On a more prosaic level, historic ads are increasingly popular among the mainstream consumer. The originally obscure ‘Keep Calm and Carry On’ poster created by the Ministry of Information at the beginning of the Second World War but never issued, is now distributed more widely than it ever was in the late 1930s. The Economist recently began selling limited edition screenprints of its iconic ‘White out of Red’ ad campaign, originally created by Abbott Mead Vickers 20 years ago.

While agencies might have neglected the detail and diligence of archiving in the past, they are now increasingly keen to address the issue of preserving their work, past and present. Since its anniversary wake-up call BBH has become more aware and organised about keeping work, and digitises and files everything on its intranet. At Leo Burnett, Douglas Buffo, vice president and director of information services, rebranded the physical library in 2001 as the digital Information Resource Centre, which includes a small library of iconic print ads.

Saatchi & Saatchi, meanwhile, launched a digital archiving system in 2003/2004, The Saatchi & Saatchi Creative Archive, storing all new global work and gradually digitising historic work going back to the 1980s. Having this resource is crucial, says John Pallant, regional creative director for Saatchi & Saatchi, Europe, Middle East and Africa. “I am forever making up a reel of work from the past, to share with our clients or to pitch to prospective clients – it’s important to see what’s happening around the Saatchi world, and be inspired by it.”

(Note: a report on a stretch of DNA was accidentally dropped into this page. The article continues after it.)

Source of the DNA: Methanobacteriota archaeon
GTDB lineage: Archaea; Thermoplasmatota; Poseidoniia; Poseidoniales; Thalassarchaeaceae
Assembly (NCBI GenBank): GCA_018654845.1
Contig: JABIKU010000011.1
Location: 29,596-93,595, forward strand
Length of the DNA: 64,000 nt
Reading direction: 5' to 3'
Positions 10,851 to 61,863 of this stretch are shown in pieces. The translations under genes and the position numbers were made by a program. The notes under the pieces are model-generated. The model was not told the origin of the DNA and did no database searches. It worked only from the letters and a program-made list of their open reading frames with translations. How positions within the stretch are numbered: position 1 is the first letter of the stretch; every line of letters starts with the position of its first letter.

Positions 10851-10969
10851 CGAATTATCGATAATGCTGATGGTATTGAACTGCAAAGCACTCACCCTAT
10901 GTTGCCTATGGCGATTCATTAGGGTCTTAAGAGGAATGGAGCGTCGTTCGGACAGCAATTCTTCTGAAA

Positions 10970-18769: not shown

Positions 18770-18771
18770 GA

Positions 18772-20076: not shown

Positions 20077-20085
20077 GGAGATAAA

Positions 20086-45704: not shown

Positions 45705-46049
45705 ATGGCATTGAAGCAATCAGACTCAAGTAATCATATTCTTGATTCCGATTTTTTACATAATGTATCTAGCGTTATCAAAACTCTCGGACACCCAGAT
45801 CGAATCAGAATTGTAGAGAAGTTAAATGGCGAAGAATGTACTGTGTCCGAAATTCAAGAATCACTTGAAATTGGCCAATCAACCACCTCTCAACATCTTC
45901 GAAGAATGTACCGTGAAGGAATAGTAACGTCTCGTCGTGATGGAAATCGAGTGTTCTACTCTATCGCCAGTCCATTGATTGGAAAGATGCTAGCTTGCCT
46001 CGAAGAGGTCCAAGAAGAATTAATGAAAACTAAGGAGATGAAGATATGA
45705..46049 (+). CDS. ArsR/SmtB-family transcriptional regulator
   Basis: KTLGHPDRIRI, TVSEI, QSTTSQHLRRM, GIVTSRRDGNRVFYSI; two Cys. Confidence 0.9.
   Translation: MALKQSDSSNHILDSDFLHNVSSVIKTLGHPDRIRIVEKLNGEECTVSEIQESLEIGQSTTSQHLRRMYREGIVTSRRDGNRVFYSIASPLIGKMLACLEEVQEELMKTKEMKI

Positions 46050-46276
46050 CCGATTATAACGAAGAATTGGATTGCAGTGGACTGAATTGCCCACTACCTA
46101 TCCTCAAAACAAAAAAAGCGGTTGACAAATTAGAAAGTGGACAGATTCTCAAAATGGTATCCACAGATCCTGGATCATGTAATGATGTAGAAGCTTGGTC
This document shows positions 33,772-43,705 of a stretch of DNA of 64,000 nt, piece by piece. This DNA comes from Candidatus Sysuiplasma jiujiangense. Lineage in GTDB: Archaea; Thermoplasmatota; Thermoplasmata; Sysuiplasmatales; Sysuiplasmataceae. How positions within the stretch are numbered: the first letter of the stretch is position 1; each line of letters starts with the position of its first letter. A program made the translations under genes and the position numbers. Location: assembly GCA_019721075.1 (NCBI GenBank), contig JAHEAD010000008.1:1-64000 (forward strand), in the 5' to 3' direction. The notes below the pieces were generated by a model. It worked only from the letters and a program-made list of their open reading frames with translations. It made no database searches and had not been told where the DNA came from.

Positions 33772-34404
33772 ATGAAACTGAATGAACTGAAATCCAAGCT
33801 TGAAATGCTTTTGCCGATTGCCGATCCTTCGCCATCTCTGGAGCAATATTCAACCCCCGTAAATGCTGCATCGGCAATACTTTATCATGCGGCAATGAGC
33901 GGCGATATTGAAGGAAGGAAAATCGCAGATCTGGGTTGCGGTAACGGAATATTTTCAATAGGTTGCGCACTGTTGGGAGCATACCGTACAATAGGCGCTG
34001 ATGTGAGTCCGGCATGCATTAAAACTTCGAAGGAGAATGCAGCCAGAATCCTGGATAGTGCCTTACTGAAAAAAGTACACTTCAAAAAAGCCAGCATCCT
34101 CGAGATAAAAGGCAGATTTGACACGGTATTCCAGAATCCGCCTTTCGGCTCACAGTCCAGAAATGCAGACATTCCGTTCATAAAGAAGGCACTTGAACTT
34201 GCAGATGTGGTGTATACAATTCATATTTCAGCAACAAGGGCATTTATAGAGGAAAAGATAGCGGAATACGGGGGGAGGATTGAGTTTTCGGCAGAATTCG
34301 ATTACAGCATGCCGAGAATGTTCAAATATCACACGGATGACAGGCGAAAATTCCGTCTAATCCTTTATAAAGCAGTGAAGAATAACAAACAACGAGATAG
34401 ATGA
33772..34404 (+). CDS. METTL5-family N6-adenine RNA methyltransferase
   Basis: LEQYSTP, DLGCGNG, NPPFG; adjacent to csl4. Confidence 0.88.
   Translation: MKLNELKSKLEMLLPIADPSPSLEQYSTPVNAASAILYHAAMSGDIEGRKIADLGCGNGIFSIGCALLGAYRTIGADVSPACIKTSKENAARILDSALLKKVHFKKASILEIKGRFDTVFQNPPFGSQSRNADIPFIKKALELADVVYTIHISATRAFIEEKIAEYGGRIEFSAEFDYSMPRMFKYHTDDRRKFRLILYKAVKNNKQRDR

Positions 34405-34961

Pallant also references past work for training purposes, to convey ‘Saatchi-ness’ or “what makes Saatchi the agency it is”. “The archive connects us,” adds Pallant. “I make sure that the guys in my regional offices are in touch with the best work that everyone else is doing, because all the best work keeps them on their toes. It’s exciting to feel the life in the organisation.”